Brought to you by



The Vinalhaven Sightings Report is organized and edited by Kirk Gentalen on behalf of Vinalhaven Land Trust and Maine Coast Heritage Trust. Out and about on Vinalhaven, MCHT steward Kirk Gentalen reports on what he and others have seen in their travels. Contributions of stories and photos are welcome, and can be sent to vinalhavensightings@gmail.com.



______________________________________________________________________________________________________

Monday, November 4, 2019


Russell's bolete stipe/stalk


Welcome to the Vinalhaven Sightings Report – November 1 st 2019

Brought to you with pleasure by MCHT and VLT

Blip - #5 maybe – kings of the forest – boletes, amanitas, cortinarius, and russualaceae.

 







PSA – You should be wearing orange when out in the woods these days – it is deer hunting time in Maine. Currently we are in archery season and while there are certainly less of these hunting types,  youth day is approaching quickly (October 26), with fire arm season (Nov 2-30) and muzzleloader/expanded archery  extending the season until mid-December (Dec 14). Exciting times in the woods, for sure. Good idea to get in the habit of orange hats, jacket, vest, gloves, etc. just to announce your presence a little more.  Especially when close to deer habitat which is pretty much the entire island.

 



There is no hunting statewide on Sundays and never hunting on the Lane’s Island Preserve. 

 

And so…..it’s been a while, the entire staff at the VSR was gone, outta state, outta mind for a stretch. To make a long story short, the VSR was placed on the royal “backburner” maybe a dozen times over the last two months. Things collected – piled up really, some good stuff too. We have now come to the conclusion that we won’t have enough time in one “fell swoop”, so instead we will be making “little swoops” – kind of blips and bleeps, “shorties” for those Aqua Teen Hunger Force fans – and so here they come. 

 


Thanks of course to all those who have shared and continue to share sightings – natural and beyond – because sharing is what the VSR is all about. Send your photos, stories and emails to vinalhavensightings@gmail.com – it’s what the cool kids are doing!

 

New stuff – our favorite mychorrhizals

 
(mycorrhizae, mycorrhiza or mycorrhizas) is a symbiotic association between a fungus and a plant. The term mycorrhiza refers to the role of the fungus in the plant's rhizosphere, its root system. Mycorrhizae play important roles in plant nutrition, soil biology and soil chemistry.


 

slug and patches
 

Four great mushroom families that taste great together! (we do not literally mean eating these shrooms. The spruce/fir forests we live in are a bolete/amanita/cortinarius/russulaceae forests, and while they all deserve their own standing, they complement each other so well we’ve decided to include a photo gallery of some of the latest, and hottest of the striking mushroom styles…..so here we go! These are some of our favorite Mychorrhizals!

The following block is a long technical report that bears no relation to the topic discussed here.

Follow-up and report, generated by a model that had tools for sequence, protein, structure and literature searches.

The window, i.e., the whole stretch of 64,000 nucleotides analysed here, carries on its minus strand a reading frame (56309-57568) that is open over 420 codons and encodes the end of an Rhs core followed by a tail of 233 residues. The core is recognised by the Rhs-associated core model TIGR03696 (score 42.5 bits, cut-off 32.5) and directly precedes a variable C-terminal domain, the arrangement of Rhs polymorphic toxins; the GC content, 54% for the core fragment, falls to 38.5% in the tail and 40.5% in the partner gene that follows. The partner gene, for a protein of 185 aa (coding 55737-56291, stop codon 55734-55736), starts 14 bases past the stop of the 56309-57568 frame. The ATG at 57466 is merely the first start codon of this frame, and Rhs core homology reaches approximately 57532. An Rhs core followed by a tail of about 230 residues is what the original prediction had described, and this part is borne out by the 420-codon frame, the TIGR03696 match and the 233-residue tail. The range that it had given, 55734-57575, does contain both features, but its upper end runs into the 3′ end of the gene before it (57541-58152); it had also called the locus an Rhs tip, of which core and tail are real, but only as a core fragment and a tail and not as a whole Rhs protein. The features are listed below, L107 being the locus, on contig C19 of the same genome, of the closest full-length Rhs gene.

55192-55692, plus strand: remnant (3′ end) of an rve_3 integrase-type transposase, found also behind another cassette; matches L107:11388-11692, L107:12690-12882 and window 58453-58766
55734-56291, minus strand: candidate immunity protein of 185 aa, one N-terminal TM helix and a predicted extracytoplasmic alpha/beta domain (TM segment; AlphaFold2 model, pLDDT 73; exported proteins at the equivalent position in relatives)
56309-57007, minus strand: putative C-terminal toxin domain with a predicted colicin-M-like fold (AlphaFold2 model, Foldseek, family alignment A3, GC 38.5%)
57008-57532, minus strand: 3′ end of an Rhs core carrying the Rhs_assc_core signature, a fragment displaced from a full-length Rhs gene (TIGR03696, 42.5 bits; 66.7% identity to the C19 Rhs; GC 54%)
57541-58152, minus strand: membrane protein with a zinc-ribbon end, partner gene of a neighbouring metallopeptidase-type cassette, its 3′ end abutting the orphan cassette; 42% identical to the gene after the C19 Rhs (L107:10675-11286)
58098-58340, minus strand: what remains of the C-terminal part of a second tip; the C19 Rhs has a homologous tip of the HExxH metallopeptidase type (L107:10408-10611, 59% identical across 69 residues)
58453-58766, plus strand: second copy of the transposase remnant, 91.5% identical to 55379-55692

the Amanitaceae – everyone knows “I’m an Amanita man” – and if you didn’t….now you do! When I say that though, I mean I appreciate the Amanita for what they add to the forest aesthetically, ecologically, and spiritually (maybe not that last one). What I don’t mean is that I’m an Amanita man because I ingest them. I have in the past, but Amanitas (and mushrooms in general) especially remind us that mushrooms deserve respect, respect that your life might depend on!

 
tawny grissette with scales on cap!









almost patchless yellow patches










yellow patches










so cute at this stage











blusher amanita as a slug feast!









amanita muscaria











great year for destroying angels









loads of destroying angels this year











strangulated grissette










tawny grisette










tawny grisette cap close up












tawny grisette base of stipe close up









cleft-footed amanita egg case














cleft-footed amanita stipe base


 

Russell's bolete
 

 The Boleteaceae – when we play favorites in the mushroom world we definitely put Boletes on the top of the “favorite heap”. Probably because sponges feel better than gills. See what you think, make up your own mind, and choose Boletes!

 
violet-brown bolete












bicolored bolete







painted bolete














king bolete







king bolete....in hand














king bolete being cleaned






king bolete attacked by Bolete Mold!













orange scaber stalk







scaber stalk stalk..













king bolete stalk for comparison






king bolete!















red-mouthed bolete





had fun watching these bitter boletes
at the beginning of the platform trail















this bitter bolete went from this....






...to this















close up of bitter bolete stalk







slug slime and dew on bitter bolete










view from above through cap











hollow-stemmed bolete





check out these hot pores
on the underside of hollow-stemmed bolete


































emetic russulas




 

Russualaceae – the Russulas and the Milkies. Need we say more about these mychorrhizal beauties!

 
purple bloom russula











orange delicious milky and slug











orange (delicious) milk





variable russula















bearded milky....with milk!








Cortinariaceae – the Corts! – diverse family of fungi adding colors and life to the spruce/fir forests in the fall.


here are just a few of the many cort species that turned up in the woods the last few months







viscid violet cort


viscid violet cort













cinnamon cort




cort gills


















 

shaggy manes!
 

And leif with some shrooms! The boy loves him some Boletes! H

 

first day of fifth grade!
And he has been teaching his friends about Inky Caps and Orange Jellies! You’re a good man, Leify G!